The Ice Slide at Jacques-Cartier Park in Hull, Quebec draws all ages.
The Ice Slide at Jacques-Cartier Park in Hull, Quebec draws all ages.

Cold Play

By Cindy Loose
Washington Post Staff Writer
Sunday, November 20, 2005

There is something inspiring, even exciting, about seeing lots of people walking along city streets with ice skates or cross-country skis slung over their shoulders.

These Canadians are a hearty breed. Life is what you make it, and they're not going to let months of freezing weather spoil their fun. Yeah, I know, you can't stroll down a Florida beach in winter without bumping into a Canadian. But when their vacations are over, they go home and celebrate winter, throwing some of the best outdoor parties anywhere.

The festivals embrace the inevitable, reminding us of the potential joys that lie atop piles of snow and sheets of ice. People in cold places all over the world, including Japan, Sweden and the United States, create festivals of winter fun. But for the closest, biggest parties, you'll have to head to Canada.

Quebec City's Winter Carnival is Canada's largest and most celebrated winter festival -- in fact, it's the world's largest Mardi Gras in a frigid setting, and draws more than a million visitors a year.

But when planning where to face down the demons of cold last February, I chose the country's second-largest winter festival -- Ottawa's Winterlude, or as French-speaking Canadians call it, Bal de Neige.

My reasoning: Quebec City is a wonderland all winter, even without a festival, so why go with the crowds when prices are inflated? Ottawa isn't nearly as crowded or as expensive during its winter festival, which each year begins on the first weekend of February and continues for three weeks. And besides, festival organizers make great use of the frozen canal that runs through the city. Nearly five miles of the 126-mile canal is shoveled and repeatedly flooded to keep it more or less smooth for both hockey and figure skaters. In July, Guinness World Records recognized the groomed portion of the canal as the world's largest naturally frozen ice rink. During Winterlude, it is lined with warming huts, hot chocolate stands, stunning ice sculptures and demonstrations in everything from dog sledding to cooking.

The outdoor Snowbowl amphitheater steps from the canal features musicians and hockey and figure skating stars in free performances. The festival spreads to the neighboring city of Gatineau, where snow carvers from all over Canada compete to make the most elaborate houses, and both kids and adults sluice through giant slides in Snowflake Kingdom.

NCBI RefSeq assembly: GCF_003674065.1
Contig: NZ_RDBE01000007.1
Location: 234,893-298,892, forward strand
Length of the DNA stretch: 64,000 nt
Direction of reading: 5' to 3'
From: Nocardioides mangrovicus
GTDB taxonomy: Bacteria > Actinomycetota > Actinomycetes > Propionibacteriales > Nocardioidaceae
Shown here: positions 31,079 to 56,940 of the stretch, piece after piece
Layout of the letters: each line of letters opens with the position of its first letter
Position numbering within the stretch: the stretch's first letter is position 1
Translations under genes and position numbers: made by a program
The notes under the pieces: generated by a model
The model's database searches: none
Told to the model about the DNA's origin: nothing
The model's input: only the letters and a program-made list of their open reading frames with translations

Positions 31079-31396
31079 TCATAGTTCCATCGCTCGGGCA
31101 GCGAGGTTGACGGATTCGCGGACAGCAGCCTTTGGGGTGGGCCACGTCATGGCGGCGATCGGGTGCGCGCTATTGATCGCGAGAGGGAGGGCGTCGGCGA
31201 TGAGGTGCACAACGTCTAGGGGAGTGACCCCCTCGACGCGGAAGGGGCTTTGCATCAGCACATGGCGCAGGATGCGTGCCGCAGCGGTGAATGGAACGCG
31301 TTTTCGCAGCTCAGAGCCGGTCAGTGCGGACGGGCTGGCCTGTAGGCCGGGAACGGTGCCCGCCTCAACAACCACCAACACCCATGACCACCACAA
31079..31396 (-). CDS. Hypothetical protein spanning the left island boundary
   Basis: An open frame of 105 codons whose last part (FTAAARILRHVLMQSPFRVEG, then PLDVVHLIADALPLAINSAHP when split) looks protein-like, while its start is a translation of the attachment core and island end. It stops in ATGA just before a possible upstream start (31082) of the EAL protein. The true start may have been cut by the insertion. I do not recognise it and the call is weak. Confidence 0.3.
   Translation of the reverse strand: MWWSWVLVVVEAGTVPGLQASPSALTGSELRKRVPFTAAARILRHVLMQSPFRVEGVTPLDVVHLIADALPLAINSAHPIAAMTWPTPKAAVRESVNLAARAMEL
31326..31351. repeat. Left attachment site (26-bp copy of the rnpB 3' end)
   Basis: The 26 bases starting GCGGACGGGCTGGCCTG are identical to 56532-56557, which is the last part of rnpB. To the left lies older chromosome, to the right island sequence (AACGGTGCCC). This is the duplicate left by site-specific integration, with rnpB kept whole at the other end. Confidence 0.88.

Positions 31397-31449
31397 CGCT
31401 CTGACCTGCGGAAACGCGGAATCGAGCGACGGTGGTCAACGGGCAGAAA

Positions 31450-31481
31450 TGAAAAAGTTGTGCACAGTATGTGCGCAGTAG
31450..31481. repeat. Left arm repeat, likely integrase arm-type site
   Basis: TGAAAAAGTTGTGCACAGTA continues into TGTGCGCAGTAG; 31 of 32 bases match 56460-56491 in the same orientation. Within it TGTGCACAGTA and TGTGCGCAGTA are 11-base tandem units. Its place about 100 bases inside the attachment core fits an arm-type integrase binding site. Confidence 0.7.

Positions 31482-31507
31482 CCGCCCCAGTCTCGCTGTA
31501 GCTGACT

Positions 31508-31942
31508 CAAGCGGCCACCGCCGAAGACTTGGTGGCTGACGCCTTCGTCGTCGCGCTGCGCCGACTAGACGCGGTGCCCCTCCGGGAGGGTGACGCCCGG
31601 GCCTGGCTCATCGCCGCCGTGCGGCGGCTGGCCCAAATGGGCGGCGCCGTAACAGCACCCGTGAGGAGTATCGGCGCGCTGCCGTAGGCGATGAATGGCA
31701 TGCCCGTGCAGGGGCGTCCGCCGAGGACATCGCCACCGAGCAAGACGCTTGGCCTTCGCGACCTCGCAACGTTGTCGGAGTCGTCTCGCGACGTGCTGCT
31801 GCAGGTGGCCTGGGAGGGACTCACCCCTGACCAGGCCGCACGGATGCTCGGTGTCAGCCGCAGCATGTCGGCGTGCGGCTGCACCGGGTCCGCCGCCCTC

Ottawa's canal represents to me a chance to live out one of my favorite childhood fantasies: to glide through life on silver skates, like Hans Brinker. I want to embrace and celebrate a real winter with people who rush outdoors when it snows, rather than closing everything down when a hint of flurries is forecast.

Of course I wouldn't want to live in one of these frozen tundras. I, too, am sick of even our wimpy winters by about mid-December. But it's different to visit a place where snow is practically guaranteed and everyone owns underwear long and warm enough to allow them to enjoy the weather. For a good long weekend of winter fun -- count me in.

An Icy Start

The Ottawa portion of Winterlude festivities is concentrated on and along the downtown portion of the canal, but attractions stretch all the way to Dows Lake, about five miles south. I'm thinking my daughter and I should start by surveying, on ice skates, the entire five-mile stretch. We decide to start at Dows Lake and skate downtown, rather than the other way around, so that we'll be skating toward a warm goal -- our hotel.

The concierge at the downtown Westin tells us that he skates from his home near Dows Lake to work nearly every day, and it takes him about half an hour. He's no doubt a better skater, but even if it were to take us twice as long, I figure, the trip sounds doable. My 12-year-old daughter has moved through the ranks of figure skating all the way to Freestyle II. Although my dreams of learning to twirl and jump died about 20 years and 30 pounds ago, I do manage to hold up during the two-hour skate sessions at Cabin John Ice Rink in Rockville.

So we drive from the hotel to the lake, lacing up in a warm tent. There are lockers, but since we're planning to meet up with my husband downtown at the end of our one-way journey, I give him our boots and my purse.

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